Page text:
Virginia Fails to Notify Individuals Who May Have Been Wrongfully Convicted


It took 18 months for local Virginia authorities to inform a convicted rapist that a recent DNA review not only excludes him of the crime, but also implicates a known felon, reported the Richmond Times-Dispatch. 

Bennett S. Barbour is one of at least 76 convicted felons who have been excluded as the source of biological evidence through DNA testing by the Virginia Department of Forensic Science. However, some of these individuals have yet to learn of the evidence pointing toward their innocence.

“When Bennett Barbour is excluded on the basis of a DNA test in June of 2010, but doesn’t find out about it until 2012, there is a serious problem with the notification process,” said Matthew Engle, legal director of the Innocence Project Clinic at the University of Virginia School of Law and one of Barbour’s lawyers.

After reviewing the results from the Virginia Department of Forensic Science, the Urban Institute said recently that it has identified 37 potential wrongful convictions among the cases. But the department has refused to release additional information on the cases, even after the Richmond Times-Dispatch filed a request under the Freedom of Information Act to learn more about the 76 defendants.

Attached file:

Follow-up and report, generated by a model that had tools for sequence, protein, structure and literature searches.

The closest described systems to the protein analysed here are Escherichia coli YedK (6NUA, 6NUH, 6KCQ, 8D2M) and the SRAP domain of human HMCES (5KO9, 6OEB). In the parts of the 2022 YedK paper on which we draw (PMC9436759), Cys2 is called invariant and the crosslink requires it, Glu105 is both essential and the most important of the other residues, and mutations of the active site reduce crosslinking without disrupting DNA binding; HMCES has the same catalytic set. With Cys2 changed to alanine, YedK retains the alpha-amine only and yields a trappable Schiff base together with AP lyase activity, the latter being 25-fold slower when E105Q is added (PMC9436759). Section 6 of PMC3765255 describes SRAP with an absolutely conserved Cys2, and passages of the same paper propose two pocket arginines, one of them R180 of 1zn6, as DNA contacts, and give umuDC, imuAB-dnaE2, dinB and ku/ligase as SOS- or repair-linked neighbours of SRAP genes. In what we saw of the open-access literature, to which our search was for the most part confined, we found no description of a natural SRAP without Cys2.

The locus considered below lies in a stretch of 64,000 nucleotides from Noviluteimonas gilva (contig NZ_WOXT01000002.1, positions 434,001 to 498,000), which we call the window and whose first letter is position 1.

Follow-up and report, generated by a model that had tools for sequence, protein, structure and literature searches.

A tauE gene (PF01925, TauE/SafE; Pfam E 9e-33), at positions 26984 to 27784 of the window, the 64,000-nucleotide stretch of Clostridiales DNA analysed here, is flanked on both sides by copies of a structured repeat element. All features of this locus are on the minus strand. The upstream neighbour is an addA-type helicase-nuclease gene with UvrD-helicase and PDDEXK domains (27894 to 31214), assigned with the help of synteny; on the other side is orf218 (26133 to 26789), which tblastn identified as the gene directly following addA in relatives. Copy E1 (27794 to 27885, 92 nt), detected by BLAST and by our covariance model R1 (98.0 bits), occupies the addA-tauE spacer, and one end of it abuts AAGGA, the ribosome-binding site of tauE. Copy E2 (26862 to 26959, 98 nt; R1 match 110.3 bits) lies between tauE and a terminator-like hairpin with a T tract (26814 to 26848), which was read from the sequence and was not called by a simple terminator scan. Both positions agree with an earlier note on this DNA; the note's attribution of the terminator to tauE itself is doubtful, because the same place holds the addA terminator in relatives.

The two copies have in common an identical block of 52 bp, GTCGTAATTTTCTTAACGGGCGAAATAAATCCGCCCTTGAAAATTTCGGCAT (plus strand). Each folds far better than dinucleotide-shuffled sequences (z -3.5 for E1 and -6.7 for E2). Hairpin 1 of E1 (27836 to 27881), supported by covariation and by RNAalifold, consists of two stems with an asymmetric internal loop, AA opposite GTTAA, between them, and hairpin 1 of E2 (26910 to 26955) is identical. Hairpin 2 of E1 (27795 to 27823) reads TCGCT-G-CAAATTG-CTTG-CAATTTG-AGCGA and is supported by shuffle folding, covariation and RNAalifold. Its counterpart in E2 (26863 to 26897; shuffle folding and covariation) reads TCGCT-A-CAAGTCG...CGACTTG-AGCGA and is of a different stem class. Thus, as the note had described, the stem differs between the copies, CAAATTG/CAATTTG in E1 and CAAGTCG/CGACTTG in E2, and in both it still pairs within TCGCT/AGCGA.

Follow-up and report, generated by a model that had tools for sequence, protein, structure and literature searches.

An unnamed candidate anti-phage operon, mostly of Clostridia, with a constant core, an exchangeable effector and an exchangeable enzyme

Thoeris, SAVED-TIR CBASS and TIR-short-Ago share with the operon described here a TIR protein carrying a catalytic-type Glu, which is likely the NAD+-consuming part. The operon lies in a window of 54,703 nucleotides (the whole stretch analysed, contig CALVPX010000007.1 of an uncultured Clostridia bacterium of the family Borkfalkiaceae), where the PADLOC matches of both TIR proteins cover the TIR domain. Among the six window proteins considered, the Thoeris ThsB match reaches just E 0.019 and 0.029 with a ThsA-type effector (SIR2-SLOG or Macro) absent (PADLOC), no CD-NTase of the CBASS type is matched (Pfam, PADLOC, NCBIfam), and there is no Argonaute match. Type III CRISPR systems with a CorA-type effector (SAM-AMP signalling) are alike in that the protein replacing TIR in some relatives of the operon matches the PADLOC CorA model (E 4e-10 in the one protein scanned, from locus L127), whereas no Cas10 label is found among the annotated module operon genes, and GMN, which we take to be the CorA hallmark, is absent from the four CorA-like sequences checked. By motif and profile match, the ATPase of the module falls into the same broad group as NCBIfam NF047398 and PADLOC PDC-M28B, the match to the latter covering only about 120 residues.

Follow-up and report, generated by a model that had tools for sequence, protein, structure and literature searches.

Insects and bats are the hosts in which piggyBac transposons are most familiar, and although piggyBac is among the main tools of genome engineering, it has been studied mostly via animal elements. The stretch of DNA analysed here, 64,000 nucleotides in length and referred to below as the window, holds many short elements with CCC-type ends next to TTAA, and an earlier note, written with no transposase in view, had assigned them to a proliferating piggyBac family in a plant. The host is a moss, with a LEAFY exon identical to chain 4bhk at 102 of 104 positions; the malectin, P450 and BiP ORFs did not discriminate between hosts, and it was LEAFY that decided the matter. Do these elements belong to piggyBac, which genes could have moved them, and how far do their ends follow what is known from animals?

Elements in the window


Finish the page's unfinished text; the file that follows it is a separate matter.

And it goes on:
“It’s hard to imagine any legitimate justification for keeping this information secret,” Engle said. “Not only these individual convicts but also their families and the general public have a strong interest in knowing when the criminal justice system fails.”

In 1978, Barbour was convicted of rape and an unrelated burglary and sentenced to a combined 18 years.  He was released on parole after serving more than four years. Barbour and his legal team are hopeful that the new DNA report will exonerate him.

Read the full article.


Read more about Barbour’s case.

Read more about the Virginia DNA review.

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